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The Be-All and End-All of Femme Fatales: Ann Savage's Vera in "Detour"

A discussion of Ann Savage's performance in Edgar G. Ulmer's noir, "Detour."

As far as B-movies go, you cannot do much better than Edgar G. Ulmer's 1945 Detour, a film that is so pared-down as to be almost elemental. The most significant aspect of the movie is the lead performance by Ann Savage as the femme fatale, Vera. As Roger Ebert, "There is not a single fleeting shred of tenderness or humanity" to her personality. Before Savage's entrance into the film at about the halfway mark, Detour is like its protagonist, Al (Tom Neal)—it wallows in its murkiness, waiting until something (or someone) with some life to spark it. Vera does precisely that: she simply sets the film on fire.

Let me back up a bit. The story is about Al, a down-on-his-luck musician whose girlfriend, Sue (Claudia Drake) leaves their club in New York to try to make it in Hollywood as an actress. With nothing else to live for, Al packs up what little he has and attempts to hitchhike cross-country in order to be reunited with his girl. On the way, he encounters millionaire, Haskell (Edmund MacDonald), whose scars and bizarre conversation mark him as an odd ball. He dies of a heart attack, and Al assumes his identity in order to avoid the police. By chance, he picks up a fellow hitcher, Vera, who happens to know Haskell and promptly figures out Al's ruse. She holds him hostage until they can figure out a way to access Haskell's big bucks and split them down the middle.

Al, as played by Tom Neal, is a complete stick in the mud. His constant narration throughout the film taps the depths of his self-pity and neediness, which is also shown by his near-umbilical attachment to the women in his life. In every sense of the word, Al is a sad sack. So when Vera shows up and turns his life further upside-down, that's when the movie really begins. The first shot of her lingering and leering: it pulls back slightly to reveal her lithe form gathered in a tight skirt and sweater. There are dark bags under her eyes, which are bereft of life. For the first moments of her performance, she is silent, looking vaguely ahead with a thousand-yard stare. But in very little time, it becomes apparent that there is much more to Vera than her pretty looks, which Al describes as "too natural" to be beautiful. How right you are, Al.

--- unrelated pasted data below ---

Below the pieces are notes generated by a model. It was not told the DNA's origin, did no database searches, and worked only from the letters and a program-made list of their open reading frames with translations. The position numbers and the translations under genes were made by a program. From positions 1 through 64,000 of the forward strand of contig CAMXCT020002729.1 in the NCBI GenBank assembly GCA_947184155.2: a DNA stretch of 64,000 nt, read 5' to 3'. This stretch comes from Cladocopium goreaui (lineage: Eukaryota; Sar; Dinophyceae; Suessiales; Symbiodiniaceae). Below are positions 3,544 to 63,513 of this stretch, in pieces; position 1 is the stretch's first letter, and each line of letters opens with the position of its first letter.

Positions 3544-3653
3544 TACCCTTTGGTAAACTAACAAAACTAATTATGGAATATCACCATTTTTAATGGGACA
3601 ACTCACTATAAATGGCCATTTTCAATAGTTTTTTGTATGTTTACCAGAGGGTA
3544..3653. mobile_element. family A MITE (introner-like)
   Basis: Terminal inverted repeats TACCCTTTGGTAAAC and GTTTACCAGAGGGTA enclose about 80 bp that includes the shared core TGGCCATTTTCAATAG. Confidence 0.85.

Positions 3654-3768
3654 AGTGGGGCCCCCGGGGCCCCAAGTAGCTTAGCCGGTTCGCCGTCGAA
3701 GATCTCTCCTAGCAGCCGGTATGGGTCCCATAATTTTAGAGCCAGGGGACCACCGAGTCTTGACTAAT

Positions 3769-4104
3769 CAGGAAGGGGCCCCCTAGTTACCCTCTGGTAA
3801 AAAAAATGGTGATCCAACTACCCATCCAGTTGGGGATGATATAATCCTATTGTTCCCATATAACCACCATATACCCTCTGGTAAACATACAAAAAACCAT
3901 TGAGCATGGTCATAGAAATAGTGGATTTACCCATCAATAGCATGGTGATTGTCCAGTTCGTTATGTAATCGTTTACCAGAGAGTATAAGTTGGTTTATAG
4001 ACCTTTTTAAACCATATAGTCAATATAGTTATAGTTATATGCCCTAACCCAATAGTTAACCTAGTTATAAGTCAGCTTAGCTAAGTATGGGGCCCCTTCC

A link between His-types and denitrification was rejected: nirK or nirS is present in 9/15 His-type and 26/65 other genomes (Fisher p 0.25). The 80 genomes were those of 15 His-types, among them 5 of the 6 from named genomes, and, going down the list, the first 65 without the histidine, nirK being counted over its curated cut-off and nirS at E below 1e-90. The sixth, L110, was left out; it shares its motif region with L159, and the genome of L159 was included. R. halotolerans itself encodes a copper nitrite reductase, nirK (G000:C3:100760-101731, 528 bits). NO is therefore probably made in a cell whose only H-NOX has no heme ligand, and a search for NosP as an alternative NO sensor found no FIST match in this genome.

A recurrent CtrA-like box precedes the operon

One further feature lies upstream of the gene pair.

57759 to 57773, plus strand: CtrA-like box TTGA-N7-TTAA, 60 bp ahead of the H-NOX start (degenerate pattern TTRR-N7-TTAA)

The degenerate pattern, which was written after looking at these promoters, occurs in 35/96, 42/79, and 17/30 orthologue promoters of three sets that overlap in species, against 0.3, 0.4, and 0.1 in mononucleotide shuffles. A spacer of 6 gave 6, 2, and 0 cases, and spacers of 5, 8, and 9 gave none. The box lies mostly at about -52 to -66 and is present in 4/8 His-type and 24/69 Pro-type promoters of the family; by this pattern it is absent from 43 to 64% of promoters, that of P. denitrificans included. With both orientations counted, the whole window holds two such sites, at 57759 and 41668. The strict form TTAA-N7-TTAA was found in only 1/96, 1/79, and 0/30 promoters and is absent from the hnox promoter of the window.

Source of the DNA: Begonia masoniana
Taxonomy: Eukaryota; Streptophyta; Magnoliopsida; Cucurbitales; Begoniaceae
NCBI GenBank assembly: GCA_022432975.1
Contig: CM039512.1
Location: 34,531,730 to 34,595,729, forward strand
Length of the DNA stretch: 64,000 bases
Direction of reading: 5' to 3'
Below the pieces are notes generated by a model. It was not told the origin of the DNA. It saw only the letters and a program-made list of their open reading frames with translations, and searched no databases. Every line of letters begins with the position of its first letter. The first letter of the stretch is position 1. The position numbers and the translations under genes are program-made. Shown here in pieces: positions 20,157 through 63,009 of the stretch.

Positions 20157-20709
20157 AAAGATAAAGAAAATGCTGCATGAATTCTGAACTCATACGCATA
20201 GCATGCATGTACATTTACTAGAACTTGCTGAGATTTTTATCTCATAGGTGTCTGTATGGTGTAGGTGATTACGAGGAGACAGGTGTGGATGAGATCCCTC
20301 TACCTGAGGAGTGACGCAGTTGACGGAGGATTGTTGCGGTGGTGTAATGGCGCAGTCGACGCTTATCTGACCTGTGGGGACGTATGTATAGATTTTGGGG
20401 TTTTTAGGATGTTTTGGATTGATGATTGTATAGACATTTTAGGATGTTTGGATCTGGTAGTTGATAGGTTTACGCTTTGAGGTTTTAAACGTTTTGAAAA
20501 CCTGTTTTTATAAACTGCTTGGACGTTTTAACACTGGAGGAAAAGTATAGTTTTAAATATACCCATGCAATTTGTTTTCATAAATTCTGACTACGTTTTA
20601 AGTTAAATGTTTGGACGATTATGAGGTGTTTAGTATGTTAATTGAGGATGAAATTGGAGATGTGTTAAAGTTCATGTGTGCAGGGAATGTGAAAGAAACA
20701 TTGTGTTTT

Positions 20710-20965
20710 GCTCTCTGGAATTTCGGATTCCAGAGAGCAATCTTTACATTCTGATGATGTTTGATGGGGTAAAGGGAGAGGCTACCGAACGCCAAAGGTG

Once Vera cottons on to Al's scheme, their relationship takes on a character that reminds me of a more menacing version of the interplay between William Holden and Gloria Swanson in Sunset Blvd. Like Jack Gillis, there is a masochism in Al's character: although he could rather easily escape from the boozy Vera, he stays because on his own, he'd evaporate into thin air. But unlike Norma Desmond, Vera has a firm grasp on reality: she understands the power she has over Al, and willingly exploits it every chance she gets. Consider the moment when Al and Vera must spend their first night together in a hotel as "husband and wife." Vera knows full well that she could get away with whatever she wants, and subtly attempts to seduce her prisoner: "I'm going to bed, now." Although Vera tries to seem like she wants Al, she's like a female praying mantis: she only would have sex with Al for the opportunity to bite his head off afterward. Al resists because of his bland fidelity to Sue, not because he actually has any willpower.

Detour, due to its shoestring budget and awful production values, has no business lasting as long as it has. The other great noir directors—John Huston, Orson Welles, Otto Preminger—were recognized for their talent and rewarded with stars like Humphrey Bogart and big bucks. Ulmer's film is a testament to how a perfect storm of talent, resourcefulness, and artistry can overcome humble origins. All the pieces fit snugly together in Detour, but if you took any of them away, they'd fall apart.

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